President Petro Poroshenko on Aug. 11 put Ukraine's armed forces on high alert and "full combat readiness" near the lines of control with Russian-annexed Crimea and the separatist region of Donbas. Russia meanwhile announced it has deployed long-range S-400 missile systems in Crimea. Russian state TV has broadcast footage of men confessing to a plot to carry out terror attacks on the annexed peninsula. The accused saboteurs tell interrogators they were acting on orders from Kiev. Said Russia's President Vladimir Putin: "Our special forces prevented terrorist attacks organized by the Ukrainian Defense Ministry—the situation is pretty disturbing." Responded Poroshenko: "These fantasies are just a pretext for another portion of military threats against Ukraine." (Kyiv Post, NYT, Al Jazeera, BBC News)
Further violations of the ceasefire with the separatist enclaves are also reported. The Russian-backed separatist forces mounted 61 attacks against Ukrainian forces over the last 24 hours, Ukraine's military headquarters said Aug. 13. The hostilities included use of weapons banned under the Minsk II agreement signed in February. (Ukraine Today)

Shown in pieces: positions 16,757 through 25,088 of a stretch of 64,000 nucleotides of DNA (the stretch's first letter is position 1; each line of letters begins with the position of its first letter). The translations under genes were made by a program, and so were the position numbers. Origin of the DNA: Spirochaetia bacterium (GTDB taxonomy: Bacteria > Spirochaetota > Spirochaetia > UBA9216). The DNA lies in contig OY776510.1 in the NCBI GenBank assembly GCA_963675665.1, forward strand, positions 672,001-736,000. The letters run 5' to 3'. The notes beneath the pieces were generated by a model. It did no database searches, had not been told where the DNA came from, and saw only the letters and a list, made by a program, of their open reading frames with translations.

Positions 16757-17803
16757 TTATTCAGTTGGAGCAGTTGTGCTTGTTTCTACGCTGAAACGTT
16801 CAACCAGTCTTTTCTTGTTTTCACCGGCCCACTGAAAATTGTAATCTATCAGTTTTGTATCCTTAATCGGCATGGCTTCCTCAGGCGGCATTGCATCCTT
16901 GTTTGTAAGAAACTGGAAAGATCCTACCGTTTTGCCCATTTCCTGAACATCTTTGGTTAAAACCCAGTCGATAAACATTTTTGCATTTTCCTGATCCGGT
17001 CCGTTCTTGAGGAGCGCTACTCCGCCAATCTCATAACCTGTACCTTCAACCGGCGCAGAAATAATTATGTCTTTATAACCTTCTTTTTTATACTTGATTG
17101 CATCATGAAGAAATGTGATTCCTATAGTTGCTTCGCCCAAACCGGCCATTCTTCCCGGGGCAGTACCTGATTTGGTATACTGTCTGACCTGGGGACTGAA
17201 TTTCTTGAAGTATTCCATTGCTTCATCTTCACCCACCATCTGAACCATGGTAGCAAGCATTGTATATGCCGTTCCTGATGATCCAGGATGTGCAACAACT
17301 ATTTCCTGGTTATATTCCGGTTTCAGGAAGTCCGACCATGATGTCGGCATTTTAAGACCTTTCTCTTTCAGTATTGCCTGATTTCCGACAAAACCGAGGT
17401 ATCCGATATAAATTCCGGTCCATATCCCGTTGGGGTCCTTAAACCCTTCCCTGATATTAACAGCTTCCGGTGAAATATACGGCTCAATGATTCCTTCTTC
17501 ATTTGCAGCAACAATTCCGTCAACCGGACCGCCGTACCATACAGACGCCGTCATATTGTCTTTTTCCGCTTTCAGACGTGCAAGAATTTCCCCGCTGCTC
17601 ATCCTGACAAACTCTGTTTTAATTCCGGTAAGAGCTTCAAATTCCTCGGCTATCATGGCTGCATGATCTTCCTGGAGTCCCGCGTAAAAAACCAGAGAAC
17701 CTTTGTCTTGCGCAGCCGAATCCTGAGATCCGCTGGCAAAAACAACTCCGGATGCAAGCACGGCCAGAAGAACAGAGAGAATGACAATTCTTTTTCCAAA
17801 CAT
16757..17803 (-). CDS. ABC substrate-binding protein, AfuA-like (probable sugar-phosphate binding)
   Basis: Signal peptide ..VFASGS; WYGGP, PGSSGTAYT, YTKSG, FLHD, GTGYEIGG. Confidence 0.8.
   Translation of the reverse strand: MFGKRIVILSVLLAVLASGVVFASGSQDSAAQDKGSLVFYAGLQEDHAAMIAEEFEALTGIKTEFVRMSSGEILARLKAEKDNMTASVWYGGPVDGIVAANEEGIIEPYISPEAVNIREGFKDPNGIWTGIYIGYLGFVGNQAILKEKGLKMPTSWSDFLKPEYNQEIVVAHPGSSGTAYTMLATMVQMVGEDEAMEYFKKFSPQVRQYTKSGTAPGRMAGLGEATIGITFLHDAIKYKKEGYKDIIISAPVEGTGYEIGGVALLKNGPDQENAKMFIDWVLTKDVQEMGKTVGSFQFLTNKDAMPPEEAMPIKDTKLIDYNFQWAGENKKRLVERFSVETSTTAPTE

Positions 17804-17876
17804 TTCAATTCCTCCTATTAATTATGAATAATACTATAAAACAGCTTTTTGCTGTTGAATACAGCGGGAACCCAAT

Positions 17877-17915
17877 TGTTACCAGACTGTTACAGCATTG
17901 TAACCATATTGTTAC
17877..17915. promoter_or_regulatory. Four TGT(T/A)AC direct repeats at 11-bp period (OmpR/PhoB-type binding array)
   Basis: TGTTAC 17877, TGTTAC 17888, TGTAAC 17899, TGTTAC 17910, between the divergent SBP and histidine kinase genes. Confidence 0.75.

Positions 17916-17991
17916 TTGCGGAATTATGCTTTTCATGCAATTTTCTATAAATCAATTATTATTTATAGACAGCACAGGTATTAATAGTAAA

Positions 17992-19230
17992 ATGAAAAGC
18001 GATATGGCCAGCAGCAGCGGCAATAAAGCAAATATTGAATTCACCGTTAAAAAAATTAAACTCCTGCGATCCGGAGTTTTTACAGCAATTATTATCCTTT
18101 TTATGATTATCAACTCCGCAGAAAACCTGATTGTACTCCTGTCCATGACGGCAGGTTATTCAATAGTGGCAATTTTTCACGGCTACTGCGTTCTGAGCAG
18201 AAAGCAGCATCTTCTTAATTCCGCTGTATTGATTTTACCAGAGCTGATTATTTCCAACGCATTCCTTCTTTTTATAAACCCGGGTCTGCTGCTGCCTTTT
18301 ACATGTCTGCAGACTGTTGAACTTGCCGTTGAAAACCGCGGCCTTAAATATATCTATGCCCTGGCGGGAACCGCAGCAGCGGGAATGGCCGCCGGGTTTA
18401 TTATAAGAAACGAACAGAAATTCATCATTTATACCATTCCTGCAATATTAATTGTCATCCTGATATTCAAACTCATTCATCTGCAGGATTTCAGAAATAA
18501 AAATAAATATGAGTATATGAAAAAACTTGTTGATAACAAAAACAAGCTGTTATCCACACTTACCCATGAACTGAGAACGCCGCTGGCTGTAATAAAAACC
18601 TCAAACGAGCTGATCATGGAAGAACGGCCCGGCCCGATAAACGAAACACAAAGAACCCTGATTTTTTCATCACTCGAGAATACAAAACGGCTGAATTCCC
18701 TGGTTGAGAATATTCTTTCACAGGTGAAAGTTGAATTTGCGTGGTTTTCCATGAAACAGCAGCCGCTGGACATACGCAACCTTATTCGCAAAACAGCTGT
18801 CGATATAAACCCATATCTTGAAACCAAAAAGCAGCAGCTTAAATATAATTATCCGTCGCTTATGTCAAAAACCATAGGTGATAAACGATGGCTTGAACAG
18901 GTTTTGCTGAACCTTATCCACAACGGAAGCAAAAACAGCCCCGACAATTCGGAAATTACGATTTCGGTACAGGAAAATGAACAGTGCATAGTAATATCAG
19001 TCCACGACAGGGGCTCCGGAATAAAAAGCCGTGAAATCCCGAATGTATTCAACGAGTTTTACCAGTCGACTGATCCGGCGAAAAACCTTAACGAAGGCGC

The escalation comes as Russia has moved up its State Duma elections to Sept. 18, leading Anders Aslund of the Atlantic Council to speculate that Putin is preparing to exercise his predilection for "small and victorious wars" to mobilize his base, recalling that the 1999 Chechnya war preceded his rise to president. (Ukraine Today)
That war was also lubricated by a possibly concocted terrorist plot. The 1999 apartment block bombings in Moscow and two other Russian cities did for Putin what 9-11 did for Bush, igniting a new war with Chechnya, propelling the hardline Putin into the Kremlin—and similarly sparking a frenzy of conspiracy theories.